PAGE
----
The reformulation of nanoparticles of chemotherapeutic molecules is often required to enhance their bioavailability, increase blood longevity and eventually improve the outcome of the pharmacological intervention. Docetaxel (DTXL), a potent anti-cancer drug daily used for the treatment of different neoplastic diseases, is one of such molecules. Here, spherical polymeric nanoconstructs (SPNs) with a characteristic size of 200nm are designed for the delivery of DTXL. SPNs comprise a hydrophobic polymeric core where the drug is entrapped and are externally stabilized by a lipid monolayer decorated with polyethylene glycol chains. Two different polymers are used for the core formation, namely poly(d,l-lactide-co-glycolic) acid (PLGA), which has been extensively used for similar biomedical applications, and poly(3-hydroxybutyrate) (P(3HB)), which is a natural polymer produced by a wide variety of bacterial species under nutrient limiting conditions. The two nanoformulations of DTXL are compared in terms of loading, release and cytotoxic drug potential. Consistent with the higher hydrophobicity of P(3HB) over PLGA, the former polymer allows for a higher loading efficiency (almost double that of PLGA) and slower release rates. No significant difference is observed in terms of internalization rate and cytotoxicity potential. This work demonstrates that P(3HB) could be a valid alternative to the more conventional PLGA for the delivery and controlled release of hydrophobic therapeutic molecules.

Tuning core hydrophobicity of spherical polymeric nanoconstructs for docetaxel delivery

Di Mascolo D.;
2016

Abstract

The reformulation of nanoparticles of chemotherapeutic molecules is often required to enhance their bioavailability, increase blood longevity and eventually improve the outcome of the pharmacological intervention. Docetaxel (DTXL), a potent anti-cancer drug daily used for the treatment of different neoplastic diseases, is one of such molecules. Here, spherical polymeric nanoconstructs (SPNs) with a characteristic size of 200nm are designed for the delivery of DTXL. SPNs comprise a hydrophobic polymeric core where the drug is entrapped and are externally stabilized by a lipid monolayer decorated with polyethylene glycol chains. Two different polymers are used for the core formation, namely poly(d,l-lactide-co-glycolic) acid (PLGA), which has been extensively used for similar biomedical applications, and poly(3-hydroxybutyrate) (P(3HB)), which is a natural polymer produced by a wide variety of bacterial species under nutrient limiting conditions. The two nanoformulations of DTXL are compared in terms of loading, release and cytotoxic drug potential. Consistent with the higher hydrophobicity of P(3HB) over PLGA, the former polymer allows for a higher loading efficiency (almost double that of PLGA) and slower release rates. No significant difference is observed in terms of internalization rate and cytotoxicity potential. This work demonstrates that P(3HB) could be a valid alternative to the more conventional PLGA for the delivery and controlled release of hydrophobic therapeutic molecules.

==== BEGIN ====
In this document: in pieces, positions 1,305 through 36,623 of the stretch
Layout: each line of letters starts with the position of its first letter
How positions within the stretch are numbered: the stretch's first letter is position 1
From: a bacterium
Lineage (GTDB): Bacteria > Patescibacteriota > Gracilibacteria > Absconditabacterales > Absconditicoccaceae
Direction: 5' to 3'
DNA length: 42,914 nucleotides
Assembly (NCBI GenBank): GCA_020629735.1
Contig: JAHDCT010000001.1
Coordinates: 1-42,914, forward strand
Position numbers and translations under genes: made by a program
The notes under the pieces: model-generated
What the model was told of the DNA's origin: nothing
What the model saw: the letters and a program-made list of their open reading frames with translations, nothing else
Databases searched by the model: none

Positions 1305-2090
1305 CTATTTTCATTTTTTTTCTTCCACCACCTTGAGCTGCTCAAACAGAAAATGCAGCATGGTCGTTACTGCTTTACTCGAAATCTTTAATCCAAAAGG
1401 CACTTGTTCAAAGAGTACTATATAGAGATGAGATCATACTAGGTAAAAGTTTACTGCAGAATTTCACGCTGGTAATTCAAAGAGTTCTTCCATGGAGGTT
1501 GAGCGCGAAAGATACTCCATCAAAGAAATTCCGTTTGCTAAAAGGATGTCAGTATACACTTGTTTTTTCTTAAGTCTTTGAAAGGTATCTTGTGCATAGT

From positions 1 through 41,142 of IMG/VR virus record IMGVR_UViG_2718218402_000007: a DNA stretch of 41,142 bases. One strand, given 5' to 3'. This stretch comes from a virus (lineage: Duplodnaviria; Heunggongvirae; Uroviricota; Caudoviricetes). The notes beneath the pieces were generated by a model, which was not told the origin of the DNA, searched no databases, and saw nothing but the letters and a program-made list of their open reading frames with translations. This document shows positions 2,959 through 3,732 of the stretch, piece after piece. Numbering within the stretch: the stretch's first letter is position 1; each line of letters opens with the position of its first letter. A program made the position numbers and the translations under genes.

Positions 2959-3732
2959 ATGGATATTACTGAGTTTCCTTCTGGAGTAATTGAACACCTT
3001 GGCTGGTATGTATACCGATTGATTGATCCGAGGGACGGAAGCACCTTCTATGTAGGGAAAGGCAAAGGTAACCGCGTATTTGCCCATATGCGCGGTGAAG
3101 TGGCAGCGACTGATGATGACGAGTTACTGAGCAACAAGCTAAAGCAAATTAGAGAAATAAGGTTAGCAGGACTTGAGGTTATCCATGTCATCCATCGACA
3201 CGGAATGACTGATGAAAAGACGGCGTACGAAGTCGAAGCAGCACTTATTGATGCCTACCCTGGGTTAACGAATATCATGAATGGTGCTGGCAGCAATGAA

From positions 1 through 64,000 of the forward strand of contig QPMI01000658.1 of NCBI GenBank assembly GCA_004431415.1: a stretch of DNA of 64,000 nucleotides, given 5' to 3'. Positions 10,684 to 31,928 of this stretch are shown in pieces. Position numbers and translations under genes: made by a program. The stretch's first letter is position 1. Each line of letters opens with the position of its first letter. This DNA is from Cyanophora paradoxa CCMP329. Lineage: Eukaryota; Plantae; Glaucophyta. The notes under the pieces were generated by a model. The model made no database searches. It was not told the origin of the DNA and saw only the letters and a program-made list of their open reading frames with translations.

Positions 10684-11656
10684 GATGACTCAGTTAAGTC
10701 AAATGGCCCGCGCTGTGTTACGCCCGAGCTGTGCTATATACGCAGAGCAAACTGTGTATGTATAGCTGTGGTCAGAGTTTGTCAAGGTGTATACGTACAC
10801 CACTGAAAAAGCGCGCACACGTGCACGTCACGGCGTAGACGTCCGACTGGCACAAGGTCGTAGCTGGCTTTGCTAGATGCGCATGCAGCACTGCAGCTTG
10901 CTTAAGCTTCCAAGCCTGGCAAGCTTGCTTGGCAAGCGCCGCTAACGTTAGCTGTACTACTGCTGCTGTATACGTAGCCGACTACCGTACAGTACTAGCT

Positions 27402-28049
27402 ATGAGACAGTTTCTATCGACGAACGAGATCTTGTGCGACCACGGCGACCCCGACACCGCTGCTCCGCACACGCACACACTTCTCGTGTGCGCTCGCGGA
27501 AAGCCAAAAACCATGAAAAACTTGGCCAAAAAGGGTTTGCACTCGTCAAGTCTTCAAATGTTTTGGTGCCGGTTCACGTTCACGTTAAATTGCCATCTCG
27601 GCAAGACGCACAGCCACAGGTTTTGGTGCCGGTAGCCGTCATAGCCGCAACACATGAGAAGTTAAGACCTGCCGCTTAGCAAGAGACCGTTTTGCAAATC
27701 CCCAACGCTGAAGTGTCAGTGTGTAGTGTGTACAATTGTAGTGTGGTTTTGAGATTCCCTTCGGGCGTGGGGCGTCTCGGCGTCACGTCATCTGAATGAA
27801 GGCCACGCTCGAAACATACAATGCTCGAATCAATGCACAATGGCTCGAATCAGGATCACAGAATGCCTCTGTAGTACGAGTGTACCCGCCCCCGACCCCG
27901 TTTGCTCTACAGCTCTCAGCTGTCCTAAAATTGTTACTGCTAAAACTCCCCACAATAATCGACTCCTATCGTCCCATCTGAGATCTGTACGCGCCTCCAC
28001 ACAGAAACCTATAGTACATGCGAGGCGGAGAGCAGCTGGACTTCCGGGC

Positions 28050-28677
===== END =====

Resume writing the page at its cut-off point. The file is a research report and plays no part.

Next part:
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Utilizza questo identificativo per citare o creare un link a questo documento: https://hdl.handle.net/11589/244729
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